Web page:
“I do not want to do agriculture, but I have to feed myself and my family. I have given ITI exams; I wish I could get a government job, but there are no jobs. I cannot take coaching like rich people to get a job”. This is Ramesh; he belongs to the Shariya Adivasi community in Madhya Pradesh. A resident of a village called Khajuri Kalan, Sheopur district. Like other villagers, he also lives in a kaccha house. He lives with his grandmother, father, and younger siblings. He has a wife and two children, one of whom is suffering from stunted growth.
I met him during my research on agricultural practices of his village in May. Wherein the whole village is filled with merry. Because May and June are joyous months of celebration and weddings. Kharif crops have been harvested. And these months provide a small window for the Shariya Adivasis to get their young ones married. Unlike urban citizens, Shariya tribe members come to help the bride’s family, roll puris and cook sabzi by cohesively working together.
And, during such preparations, they talk about various topics that mostly revolve around agriculture – which crop to sow, whether it will rain on time or not, and so on. But, sometimes, for the elders, the conversation sways towards their past and eviction from Kuno National Park in 1999.
Khajuri Kalan is a Shariya Adivasis village and is one of the 24 displaced villages from Kuno National Park after concerns over threats to lion populations in India were hoisted by conservationists. But even after making way for the lion. Kuno is yet to witness lions. Interestingly, the Indian government is now in talks with the Namibian government to introduce cheetahs instead of lions in Kuno.
Thus, the major media houses have once again started to report about Kuno. The articles are debating whether to introduce lions or cheetahs and which species is more valuable and worthy of living inside Kuno. But they rarely mention the ousted, their hardships after displacement, and people like Ramesh.
“We live or die. No one cares; we are Shariya, that’s why. We have lost everything after displacement, our Jal, Jungle, Zameen”. A quote said by villagers in unison during one of the discussions. I still remember the intensity through which they cursed their own Kismet and forest department for dispossessing them from their old home and forests.
Notably, the forest department had enticed them out of the national park with the promise of generous and fair compensation. One lakh rupee and nine bighas of agricultural land were provided to male children, with the underlying premise of modernisation and development of their community.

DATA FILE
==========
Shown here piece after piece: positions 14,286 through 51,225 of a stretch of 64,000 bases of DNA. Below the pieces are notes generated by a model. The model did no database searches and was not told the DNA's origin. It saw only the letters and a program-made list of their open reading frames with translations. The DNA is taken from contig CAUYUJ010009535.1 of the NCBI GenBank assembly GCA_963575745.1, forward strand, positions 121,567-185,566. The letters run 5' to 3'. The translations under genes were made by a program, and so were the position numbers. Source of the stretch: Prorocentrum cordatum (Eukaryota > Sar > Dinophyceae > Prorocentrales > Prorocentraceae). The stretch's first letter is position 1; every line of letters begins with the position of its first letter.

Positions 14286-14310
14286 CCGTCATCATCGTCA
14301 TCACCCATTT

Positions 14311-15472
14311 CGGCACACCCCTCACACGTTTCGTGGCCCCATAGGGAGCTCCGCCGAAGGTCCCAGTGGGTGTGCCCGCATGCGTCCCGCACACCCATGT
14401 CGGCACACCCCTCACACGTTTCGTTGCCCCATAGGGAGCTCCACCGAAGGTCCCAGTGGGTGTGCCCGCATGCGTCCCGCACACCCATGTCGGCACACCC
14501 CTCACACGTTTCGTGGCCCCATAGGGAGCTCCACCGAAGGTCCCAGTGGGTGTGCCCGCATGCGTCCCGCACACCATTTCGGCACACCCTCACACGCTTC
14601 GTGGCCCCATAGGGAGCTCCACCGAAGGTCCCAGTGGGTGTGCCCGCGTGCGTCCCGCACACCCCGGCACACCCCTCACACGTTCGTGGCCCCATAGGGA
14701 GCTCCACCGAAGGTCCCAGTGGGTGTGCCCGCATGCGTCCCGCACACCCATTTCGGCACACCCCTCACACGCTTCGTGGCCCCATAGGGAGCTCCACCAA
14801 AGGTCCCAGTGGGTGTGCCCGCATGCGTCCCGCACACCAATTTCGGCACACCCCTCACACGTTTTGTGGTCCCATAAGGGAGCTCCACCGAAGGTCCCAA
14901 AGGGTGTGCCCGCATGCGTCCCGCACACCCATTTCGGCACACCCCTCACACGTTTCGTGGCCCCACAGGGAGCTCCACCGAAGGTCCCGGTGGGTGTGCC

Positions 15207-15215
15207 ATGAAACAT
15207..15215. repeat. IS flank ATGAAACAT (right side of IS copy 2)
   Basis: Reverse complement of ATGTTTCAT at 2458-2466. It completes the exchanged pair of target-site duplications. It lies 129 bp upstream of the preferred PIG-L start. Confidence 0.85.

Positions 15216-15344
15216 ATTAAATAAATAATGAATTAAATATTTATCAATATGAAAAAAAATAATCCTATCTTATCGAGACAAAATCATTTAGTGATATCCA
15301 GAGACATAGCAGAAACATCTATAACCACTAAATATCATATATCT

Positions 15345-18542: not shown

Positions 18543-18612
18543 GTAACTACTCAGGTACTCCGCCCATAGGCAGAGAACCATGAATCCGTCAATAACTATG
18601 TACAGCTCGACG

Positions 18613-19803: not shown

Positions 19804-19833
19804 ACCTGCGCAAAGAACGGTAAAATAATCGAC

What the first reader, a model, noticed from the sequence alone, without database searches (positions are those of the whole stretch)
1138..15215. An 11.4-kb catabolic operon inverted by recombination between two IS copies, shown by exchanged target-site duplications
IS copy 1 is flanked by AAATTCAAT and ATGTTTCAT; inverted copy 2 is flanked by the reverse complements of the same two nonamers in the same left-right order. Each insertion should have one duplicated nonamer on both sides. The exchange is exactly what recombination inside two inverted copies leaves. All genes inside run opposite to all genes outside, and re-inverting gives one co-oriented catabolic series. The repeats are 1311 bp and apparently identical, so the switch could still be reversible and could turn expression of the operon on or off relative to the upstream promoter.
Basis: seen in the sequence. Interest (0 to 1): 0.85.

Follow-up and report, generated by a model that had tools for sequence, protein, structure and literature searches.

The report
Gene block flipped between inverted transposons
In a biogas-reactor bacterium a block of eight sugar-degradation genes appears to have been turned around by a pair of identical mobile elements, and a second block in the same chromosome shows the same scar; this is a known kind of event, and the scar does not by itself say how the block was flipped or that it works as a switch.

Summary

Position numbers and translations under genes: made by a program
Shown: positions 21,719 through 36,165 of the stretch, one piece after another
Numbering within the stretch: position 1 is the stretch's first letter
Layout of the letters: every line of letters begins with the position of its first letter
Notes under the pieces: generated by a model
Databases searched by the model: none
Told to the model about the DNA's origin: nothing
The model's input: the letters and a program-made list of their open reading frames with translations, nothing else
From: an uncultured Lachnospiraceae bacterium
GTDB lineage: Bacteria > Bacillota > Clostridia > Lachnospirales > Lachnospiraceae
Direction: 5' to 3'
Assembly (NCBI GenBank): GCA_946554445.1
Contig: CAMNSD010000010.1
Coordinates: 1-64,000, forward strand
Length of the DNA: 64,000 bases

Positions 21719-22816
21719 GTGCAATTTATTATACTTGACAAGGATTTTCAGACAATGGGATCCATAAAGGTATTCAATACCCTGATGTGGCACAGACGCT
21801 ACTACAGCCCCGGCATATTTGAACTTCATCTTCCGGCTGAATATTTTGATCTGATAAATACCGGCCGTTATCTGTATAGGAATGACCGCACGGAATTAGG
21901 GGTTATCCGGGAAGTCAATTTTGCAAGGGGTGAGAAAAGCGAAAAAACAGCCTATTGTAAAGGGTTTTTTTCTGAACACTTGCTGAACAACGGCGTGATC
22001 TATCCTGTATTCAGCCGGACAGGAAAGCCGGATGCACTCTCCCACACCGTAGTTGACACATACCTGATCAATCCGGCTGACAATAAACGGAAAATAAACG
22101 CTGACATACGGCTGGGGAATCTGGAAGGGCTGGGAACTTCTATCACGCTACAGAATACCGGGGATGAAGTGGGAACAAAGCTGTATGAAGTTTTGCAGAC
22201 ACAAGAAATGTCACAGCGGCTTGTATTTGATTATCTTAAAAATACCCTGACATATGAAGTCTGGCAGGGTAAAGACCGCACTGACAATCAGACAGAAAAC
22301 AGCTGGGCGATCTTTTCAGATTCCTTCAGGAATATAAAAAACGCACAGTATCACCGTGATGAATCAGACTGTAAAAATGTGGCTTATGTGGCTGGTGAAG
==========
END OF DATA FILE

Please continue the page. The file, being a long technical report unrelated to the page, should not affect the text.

But, the ‘fair’ compensation for which the department has patted its back time after time has failed miserably. “There is no water in our wells; the forest department said water would follow us at the resettlement site, but here even drinking water is scarce, and nine bighas of land are not enough to sustain the growing population.” This is Ramesh’s younger brother, talking to me in front of an incomplete and dry well dug by the forest department for providing irrigation. All the wells dug by the forest department are of no use.
“I used to do agriculture in the riverine area of Kuwari. When I lived inside Kuno. But the forest department threw us out and involuntarily resettled us here…the land here is of poor quality and is filled with rocks; nothing grows here. Thus, my sons and I are forced to migrate and work as wage labourers”. This is Ramesh’s father verbalizing his post-displacement difficulties.
Boundaries such as these are visible surrounding agricultural land of people. But the rocks are not bought from the market. They are readily available in the plots allocated to people by the forest department. The soil depth is so low that after digging less than one foot, one hits a hard layer of rocks. A fact that detrimentally impacts farmers’ agricultural practices, mainly of Shariya, because they do not possess inputs to deal with low-quality land filled with rocks.
“Per bigha, a farmer has to pay 300 rupees for ploughing, and land should be ploughed four times, then there is the cost of irrigation water, seeds, electricity, fertilisers, and so on. For nine bighas of land, it costs 30,000 thousand to cultivate. But our material conditions do not allow us to make such an investment. Therefore, we get into a land leasing arrangement with dominant caste members”. Ramesh told me this on the first day of my visit. And with time, the integral relation between land and caste emerged in front of me.
Significantly, five households of Khajuri Kalan have had their land encroached by locally dominant caste members. “I did go to court, but they (dominant caste members) have guns, connections with police, and money to fight the case. I do not possess the resources to fight a prolonged legal battle. I had to let go of my land”.
Meanwhile, men like Ramesh are caught up in a difficult situation. He is one of the few educated people in the village. His situation is exacerbated because of failed promises by the forest department, his caste identity, and systematic neglect from the government. Sadly, the debate on which species is worthy of living in Kuno does not account for forest-dwelling communities as legitimate stakeholders.